I was impressed by Seed by Lisa Heathfield, which was significantly darker than the books I usually read but held my attention through her brilliant writing. I'm really pleased to be on the blog tour for the book, with Lisa talking about her early reading life today as part of my Classic Children's/YA feature.
My Early Reading Life
There's always been something magical about books for me - not only the stories buried deep within them, but also the way the words look on the page, the feel of the cover and even the smell of them.
I can't remember a time when I didn't have a book in my hand - curled on the sofa, tucked in my bed, or lying on the grass - I was always reading. And although I loved many different types of books, there were some that really stuck with me. These are the ones that, even now, give me that feeling in my stomach and the ones that I've searched out to read to my own children. There's nothing like watching our boys' faces, as they too are taken into these wonderful worlds.
The big stand-out one for me, which remains one of my favourite books to this day, is THE FOLK OF THE FARAWAY TREE, by Enid Blyton. From the moment I read the first word, I was side-by-side with Jo, Bessie and Fanny. I jumped over that stream with them and looked in awe at the amazing tree looming above us. I loved each and every one of the characters, from the brilliant Saucepan Man, to sweet-natured Silky - I even enjoyed running away from Dame Slap! I'd grip my book tight, wondering whether I'd get stuck in a land at the top of the tree. I truly believed that if I didn't get back in time, I'd be in the book forever.
Loyal to Enid Blyton, I moved seamlessly into her 'school' stories. in THE NAUGHTIEST GIRL IN THE SCHOOL, I was torn between joining Elizabeth in the tricks she played and the desire to be good enough to become an elusive monitor. And I raced through MALLORY TOWERS, sharing midnight feasts with Darrel.
When I wasn't dreaming of being a writer, I was hoping to be a ballerina. I thought I could join Margot Fonteyn on the stage one day, but unfortunately I wasn't a natural… As I dusted myself down from rejection from ballet school, all I had to do was open Noel Streatfield's BALLET SHOES and instantly I was a dancer. I was there without having to even touch my toes!
All these early childhood adventure stories were soon replaced by those depicting the devastation of the Holocaust. The realisation that this horror existed, brought with it a voracious need to know more and remember those who suffered. From the safety of my home, I read about human endurance in Anne Holm's I AM DAVID and Esther Hautzig's THE ENDLESS STEPPE. I re-read WHEN HITLER STOLE PINK RABBIT recently and found that it was still moving and brilliant (and I was lucky enough to hear the inspirational Judith Kerr talk about writing and her childhood). In Ian Serraillier's THE SILVER SWORD I walked with Ruthy, Edak, Bronia and Jan and joined them again, as my husband and I read it to our boys a few weeks ago.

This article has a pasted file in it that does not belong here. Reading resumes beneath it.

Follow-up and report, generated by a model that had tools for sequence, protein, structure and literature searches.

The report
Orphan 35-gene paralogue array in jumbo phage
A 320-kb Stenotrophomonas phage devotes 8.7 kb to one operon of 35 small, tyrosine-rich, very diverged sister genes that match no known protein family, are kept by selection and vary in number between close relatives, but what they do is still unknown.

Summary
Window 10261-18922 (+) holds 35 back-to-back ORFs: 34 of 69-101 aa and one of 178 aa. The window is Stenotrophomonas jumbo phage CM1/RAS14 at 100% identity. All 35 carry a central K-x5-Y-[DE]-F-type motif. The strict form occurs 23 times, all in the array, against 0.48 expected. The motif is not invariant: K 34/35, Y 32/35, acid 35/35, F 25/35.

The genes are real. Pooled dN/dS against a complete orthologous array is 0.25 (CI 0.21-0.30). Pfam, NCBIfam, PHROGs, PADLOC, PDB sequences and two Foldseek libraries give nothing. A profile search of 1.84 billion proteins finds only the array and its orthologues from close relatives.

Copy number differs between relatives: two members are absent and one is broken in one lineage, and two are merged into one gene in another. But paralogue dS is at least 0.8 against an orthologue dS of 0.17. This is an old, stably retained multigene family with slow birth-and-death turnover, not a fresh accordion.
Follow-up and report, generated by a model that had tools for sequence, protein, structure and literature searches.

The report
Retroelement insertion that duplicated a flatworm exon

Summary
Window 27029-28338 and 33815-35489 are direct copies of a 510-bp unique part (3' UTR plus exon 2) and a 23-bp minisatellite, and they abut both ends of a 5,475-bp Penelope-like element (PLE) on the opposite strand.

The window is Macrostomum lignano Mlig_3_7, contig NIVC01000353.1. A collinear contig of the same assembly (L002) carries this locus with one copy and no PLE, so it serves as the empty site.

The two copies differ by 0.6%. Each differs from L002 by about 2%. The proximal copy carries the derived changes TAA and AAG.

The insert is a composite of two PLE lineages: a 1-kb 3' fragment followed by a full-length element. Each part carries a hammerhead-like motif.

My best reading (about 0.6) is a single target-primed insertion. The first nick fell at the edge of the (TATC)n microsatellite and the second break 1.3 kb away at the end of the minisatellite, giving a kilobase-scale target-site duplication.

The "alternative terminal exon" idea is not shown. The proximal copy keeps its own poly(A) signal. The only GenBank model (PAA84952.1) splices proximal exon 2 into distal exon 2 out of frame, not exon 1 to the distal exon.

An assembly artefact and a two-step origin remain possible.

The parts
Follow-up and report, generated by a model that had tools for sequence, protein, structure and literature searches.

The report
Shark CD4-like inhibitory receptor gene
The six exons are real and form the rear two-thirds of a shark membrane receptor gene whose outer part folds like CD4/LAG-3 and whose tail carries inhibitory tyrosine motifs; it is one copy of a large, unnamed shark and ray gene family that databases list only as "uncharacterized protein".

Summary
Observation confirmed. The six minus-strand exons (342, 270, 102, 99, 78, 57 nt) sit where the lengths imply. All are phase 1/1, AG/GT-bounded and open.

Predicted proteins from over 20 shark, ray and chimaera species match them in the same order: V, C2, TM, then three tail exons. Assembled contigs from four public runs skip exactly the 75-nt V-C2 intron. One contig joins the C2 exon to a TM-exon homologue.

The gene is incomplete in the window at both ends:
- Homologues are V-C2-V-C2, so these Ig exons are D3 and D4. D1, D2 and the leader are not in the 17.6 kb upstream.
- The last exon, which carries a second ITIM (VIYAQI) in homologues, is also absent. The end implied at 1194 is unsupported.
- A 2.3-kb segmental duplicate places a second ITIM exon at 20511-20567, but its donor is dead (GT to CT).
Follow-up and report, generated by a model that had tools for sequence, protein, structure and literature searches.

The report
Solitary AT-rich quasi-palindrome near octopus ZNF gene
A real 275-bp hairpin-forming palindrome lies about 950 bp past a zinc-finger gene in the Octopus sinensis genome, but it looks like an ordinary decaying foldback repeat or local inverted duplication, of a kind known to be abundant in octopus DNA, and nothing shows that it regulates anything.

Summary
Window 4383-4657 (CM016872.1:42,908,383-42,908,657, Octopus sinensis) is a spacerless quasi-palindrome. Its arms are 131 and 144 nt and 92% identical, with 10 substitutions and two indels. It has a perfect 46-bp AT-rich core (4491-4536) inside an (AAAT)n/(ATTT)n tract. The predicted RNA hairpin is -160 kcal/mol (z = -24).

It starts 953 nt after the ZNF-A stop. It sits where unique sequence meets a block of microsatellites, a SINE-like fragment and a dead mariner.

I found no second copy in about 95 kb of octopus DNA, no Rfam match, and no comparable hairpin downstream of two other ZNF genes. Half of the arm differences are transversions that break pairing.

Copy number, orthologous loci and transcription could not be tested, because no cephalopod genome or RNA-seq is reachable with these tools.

After my fascination with these dark, heart-rending books, things became a bit more abstract for a while. I found myself devouring every story by the medium Doris Stokes. And my mum despaired slightly as I read book after book about children possessed by evil spirits. I had definitely started tumbling down a darker route. Beatrice Sparks's GO ASK ALICE was a pre-cursor to the Melvin Burgess' novel, JUNK, that I'd love years later.
I don't think it's any co-incidence that the stories which find their way out of my pen, err on the edge of darkness. In SEED, the community are surrounded by the beauty of nature - they swim in the lake, worship at Dawn Rocks and grow all they need on their land. Yet, just underneath the surface, the roots of evil are growing. It takes the arrival of a stranger to unearth this darkness and open Pearl's eyes to the truth from which she must escape.
I'm convinced that everything I've read is stored in my subconscious and my writing spirit plucks and chooses what it needs for inspiration. It's reading all these books throughout my childhood that have shaped the writer I am today. And it's an unbelievable feeling knowing that my writing may influence another, as this love of words continues to step down the generations.
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